This chemical is commonly found in pesticides that are used on the non-organic fruits and vegetables. Load your diet with foods that’ve been tainted, and your risk for breast, ovarian, and prostate cancers rise, Bisci says.
“Once you know that, why wouldn’t you try to avoid it?” he asks. “The key is cleaning up your diet. Eat whatever you want, but clean it up. Now you’re well on your way to living a longer, better-quality life.”
The last two things you’ll need to delete from the diet: alcohol and coffee. For every study that finds that coffee has health benefits, Bisci claims, there’s a negative one that suggests it, say, messes with your gut health and muddles your mind.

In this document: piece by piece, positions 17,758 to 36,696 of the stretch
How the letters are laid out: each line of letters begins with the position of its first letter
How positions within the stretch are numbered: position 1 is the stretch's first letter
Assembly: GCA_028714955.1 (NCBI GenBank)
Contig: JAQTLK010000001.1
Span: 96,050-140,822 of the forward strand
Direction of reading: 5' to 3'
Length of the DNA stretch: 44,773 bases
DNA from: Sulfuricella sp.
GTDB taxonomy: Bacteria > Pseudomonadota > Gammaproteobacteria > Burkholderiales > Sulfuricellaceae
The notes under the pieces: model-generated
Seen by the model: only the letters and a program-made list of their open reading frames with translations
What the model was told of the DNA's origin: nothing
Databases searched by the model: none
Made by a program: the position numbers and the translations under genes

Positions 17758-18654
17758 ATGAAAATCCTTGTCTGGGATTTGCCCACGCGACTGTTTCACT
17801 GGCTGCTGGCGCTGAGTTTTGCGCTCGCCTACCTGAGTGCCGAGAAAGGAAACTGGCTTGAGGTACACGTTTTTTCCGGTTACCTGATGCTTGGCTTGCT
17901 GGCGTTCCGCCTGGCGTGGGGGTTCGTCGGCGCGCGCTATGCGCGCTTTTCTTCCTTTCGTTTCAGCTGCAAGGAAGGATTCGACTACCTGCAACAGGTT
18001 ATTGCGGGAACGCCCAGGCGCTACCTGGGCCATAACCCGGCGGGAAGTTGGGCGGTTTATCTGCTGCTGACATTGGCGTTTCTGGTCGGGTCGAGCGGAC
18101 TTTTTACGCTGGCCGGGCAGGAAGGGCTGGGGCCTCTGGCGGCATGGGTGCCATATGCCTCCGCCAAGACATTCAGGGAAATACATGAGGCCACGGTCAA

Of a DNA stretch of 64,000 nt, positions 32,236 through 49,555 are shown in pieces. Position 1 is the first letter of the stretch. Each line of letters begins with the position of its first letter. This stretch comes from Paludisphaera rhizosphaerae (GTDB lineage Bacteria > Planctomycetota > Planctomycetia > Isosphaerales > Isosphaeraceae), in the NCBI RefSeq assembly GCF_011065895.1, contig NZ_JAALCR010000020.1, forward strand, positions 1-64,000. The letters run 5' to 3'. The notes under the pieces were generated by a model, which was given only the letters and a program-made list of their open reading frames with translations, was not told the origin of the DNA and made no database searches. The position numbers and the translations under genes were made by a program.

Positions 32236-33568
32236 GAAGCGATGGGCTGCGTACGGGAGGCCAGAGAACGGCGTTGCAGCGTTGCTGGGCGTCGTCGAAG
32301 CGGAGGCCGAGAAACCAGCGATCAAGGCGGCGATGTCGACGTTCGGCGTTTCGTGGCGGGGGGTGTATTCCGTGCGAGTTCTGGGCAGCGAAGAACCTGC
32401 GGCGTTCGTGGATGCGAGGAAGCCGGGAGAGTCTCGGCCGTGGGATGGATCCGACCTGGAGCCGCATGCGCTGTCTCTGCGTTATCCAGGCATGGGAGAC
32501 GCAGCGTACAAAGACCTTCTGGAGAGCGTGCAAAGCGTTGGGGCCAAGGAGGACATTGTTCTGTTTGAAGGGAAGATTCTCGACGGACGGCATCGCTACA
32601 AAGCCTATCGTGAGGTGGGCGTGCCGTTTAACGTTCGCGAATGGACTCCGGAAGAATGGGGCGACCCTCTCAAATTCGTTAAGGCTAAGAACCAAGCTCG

“Coffee stimulates your adrenal glands. It may be okay in small doses but you can easily overstimulate them,” says Bisci. “Your cortisol levels creep up and cause all sorts of stress. You can even lose your memory. Just because you’re my age, you don’t have to have memory loss.”
Bisci says abstaining from those post-work cocktails is essential as well, for many reasons. Downing alcohol can interrupt protein synthesis, or your body’s ability to repair damaged proteins and build new ones. Translation? Kiss those muscle gains goodbye.
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The 5 Tiers of the Raw Diet for Spartans
Today, nearly 40 percent of adults around the world are overweight or obese, according to a global network of researchers called the NCD Risk Factor Collaboration. It’s a staggering number, one that motivates Bisci to keep seeing patients two decades beyond retirement age.